Sandler O'Neill & Partners LP's run as an independent company has come to an end.
Piper Jaffray Cos. announced Jan. 6 the closing of its acquisition of Sandler O'Neill, with the buyer changing its name to Piper Sandler Cos. The founders of Sandler O'Neill established the company in 1988, but the origins of the firm date back to earlier in the 1980s, when a group worked at L.F. Rothschild Unterberg Towbin before moving to Bear Stearns & Co. Inc., said Jimmy Dunne, now vice chairman and senior managing principal at Piper Sandler.
Dunne, speaking in a video posted on Piper Sandler's website, did not provide details but suggested the team was not happy at Bear Stearns. "Some things happened at Bear Stearns, typical big firm stuff," Dunne said.
He added that Herman Sandler had the idea of leaving to start another company, and the two of them along with four others launched Sandler O'Neill. The company grew to 171 employees but lost 66 — including Herman Sandler — as a result of the Sept. 11, 2001, terrorist attacks on the World Trade Center in New York, where the firm had its headquarters. Dunne led a rebuild of Sandler O'Neill, which had about 300 employees upon the announcement of its sale to Piper Jaffray, according to an investor presentation.
Many of the employees have now moved to Piper Sandler and are leading the financial services team. Equity research was one of the areas where the two companies had overlap. Three analysts who had been with Piper Jaffray joined the financial services research team at Piper Sandler, according to Mark Fitzgibbon, director of research at Sandler O'Neill and now head of the financial services research group at Piper Sandler.
Fitzgibbon noted that the financial services research team includes former Piper Jaffray analysts Kevin Barker, whose coverage includes mortgage and consumer finance; Matthew Clark, whose coverage includes West Coast banks; and Nathan Race, whose coverage includes Midwest banks.
"We have the same Sandler team intact and we supplemented it with some talented people from the Piper side," Fitzgibbon said in an interview.
Fitzgibbon confirmed that Timothy O'Brien, who covered West Coast community banks for Sandler O'Neill, is no longer with the company. Two other Piper Jaffray financial services senior research analysts, Brett Rabatin and Jason Deleeuw, are not listed on the Piper Sandler financial services equity research team on the company's website.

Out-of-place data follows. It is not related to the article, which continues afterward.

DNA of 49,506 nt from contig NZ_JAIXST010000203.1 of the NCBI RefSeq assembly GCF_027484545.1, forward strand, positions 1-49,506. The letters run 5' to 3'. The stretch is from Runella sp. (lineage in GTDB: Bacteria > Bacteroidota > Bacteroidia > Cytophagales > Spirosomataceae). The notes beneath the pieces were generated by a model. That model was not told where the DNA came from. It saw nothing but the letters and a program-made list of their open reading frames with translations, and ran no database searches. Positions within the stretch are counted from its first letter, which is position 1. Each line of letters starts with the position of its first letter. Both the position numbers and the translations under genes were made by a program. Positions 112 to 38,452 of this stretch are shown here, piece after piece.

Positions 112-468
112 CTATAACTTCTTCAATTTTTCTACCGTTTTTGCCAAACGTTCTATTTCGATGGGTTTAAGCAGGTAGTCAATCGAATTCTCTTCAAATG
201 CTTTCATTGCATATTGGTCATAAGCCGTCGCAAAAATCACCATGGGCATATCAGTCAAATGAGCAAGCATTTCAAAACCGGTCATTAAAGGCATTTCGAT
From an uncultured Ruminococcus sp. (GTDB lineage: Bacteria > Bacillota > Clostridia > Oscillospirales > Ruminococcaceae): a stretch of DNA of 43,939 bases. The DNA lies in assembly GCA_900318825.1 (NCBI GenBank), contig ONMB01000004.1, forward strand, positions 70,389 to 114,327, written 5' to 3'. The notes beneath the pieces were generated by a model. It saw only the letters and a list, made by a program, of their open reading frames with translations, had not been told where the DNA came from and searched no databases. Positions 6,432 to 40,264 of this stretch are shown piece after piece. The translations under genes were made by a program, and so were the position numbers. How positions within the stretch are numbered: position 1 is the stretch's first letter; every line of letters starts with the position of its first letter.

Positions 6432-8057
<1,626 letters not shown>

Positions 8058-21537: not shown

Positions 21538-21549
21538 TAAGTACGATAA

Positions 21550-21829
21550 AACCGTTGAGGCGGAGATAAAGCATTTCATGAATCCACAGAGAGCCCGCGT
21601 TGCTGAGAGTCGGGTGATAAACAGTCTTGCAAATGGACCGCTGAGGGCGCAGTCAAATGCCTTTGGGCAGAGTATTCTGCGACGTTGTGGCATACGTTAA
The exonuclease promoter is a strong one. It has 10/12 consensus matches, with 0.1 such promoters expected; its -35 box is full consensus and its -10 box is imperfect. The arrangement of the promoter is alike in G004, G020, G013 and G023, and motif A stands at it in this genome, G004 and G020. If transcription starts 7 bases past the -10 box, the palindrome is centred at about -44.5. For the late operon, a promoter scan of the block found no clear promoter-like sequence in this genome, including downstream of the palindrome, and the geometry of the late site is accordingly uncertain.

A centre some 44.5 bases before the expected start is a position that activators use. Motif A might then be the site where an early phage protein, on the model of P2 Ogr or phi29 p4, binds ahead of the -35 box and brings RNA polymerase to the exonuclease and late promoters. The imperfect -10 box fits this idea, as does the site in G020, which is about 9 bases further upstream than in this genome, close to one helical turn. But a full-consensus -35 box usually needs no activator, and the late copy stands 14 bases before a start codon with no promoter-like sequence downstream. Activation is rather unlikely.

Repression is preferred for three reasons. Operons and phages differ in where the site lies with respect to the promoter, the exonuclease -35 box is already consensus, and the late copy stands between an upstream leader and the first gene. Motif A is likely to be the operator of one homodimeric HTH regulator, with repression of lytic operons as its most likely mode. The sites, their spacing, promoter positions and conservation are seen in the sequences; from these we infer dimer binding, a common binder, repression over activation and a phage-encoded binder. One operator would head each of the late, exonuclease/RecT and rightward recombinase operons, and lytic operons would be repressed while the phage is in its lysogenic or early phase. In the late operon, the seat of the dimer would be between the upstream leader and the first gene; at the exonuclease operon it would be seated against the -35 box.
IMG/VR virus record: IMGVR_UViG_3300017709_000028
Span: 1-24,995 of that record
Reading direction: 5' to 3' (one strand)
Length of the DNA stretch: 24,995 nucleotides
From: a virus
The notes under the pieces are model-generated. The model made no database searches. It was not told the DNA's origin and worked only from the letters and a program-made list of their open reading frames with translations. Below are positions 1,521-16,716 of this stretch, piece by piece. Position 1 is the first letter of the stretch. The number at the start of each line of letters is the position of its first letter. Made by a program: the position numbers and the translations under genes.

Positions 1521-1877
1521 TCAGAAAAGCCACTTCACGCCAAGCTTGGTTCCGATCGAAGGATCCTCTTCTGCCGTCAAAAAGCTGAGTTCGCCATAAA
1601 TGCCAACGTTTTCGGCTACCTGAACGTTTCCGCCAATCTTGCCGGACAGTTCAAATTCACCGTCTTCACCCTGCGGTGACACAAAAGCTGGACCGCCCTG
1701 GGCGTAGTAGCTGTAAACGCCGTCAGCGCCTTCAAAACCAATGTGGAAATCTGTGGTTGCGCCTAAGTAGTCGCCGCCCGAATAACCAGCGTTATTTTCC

Fitzgibbon referred questions about Rabatin and Deleeuw to Michael Cox, Piper Sandler's co-head of equities. However, Cox, Piper Sandler Associate Director of Research Jennifer Baxter and a Piper Jaffray media contact did not return calls seeking comment. A source familiar with the research team said Rabatin and Deleeuw are no longer with the company, and their registration ended Jan. 6, according to Financial Industry Regulatory Authority Inc. records.
Two other former Piper Jaffray financial services analysts, Matthew Breese and Broderick Preston, departed for Stephens Inc.
Piper Jaffray and Sandler O'Neill each had investment banking personnel dedicated to the depository sector, and when the deal was announced, pro forma data suggested that the combined company would sit on top of the depository financial advisory M&A league tables for number of deals. After the announcement, Piper Jaffray saw the departure of Robert Hutchinson, who was head of financial services investment banking, and Michael Barry, a managing director on the FIG i-banking team. However, Hutchinson and Barry focused on clients in the mid-Atlantic and Northeast, areas where Sandler O'Neill already had i-banking coverage.
The two firms had little overlap based on their financial advisory M&A deal history in the bank and thrift space. Since the July 9, 2019, announcement of the Piper Jaffray and Sandler O'Neill deal, the two companies have combined to work on 37 U.S. bank and thrift M&A deals, which is more than any other investment bank, according to S&P Global Market Intelligence data.
While depositories have always been a core focus of Sandler O'Neill, the company did work with other financial services clients. For example, Sandler O'Neill advised TD Ameritrade Holding Corp. on its announced $26 billion sale to Charles Schwab Corp.
The TD Ameritrade and Charles Schwab assignment was the largest deal in Sandler O'Neill's history.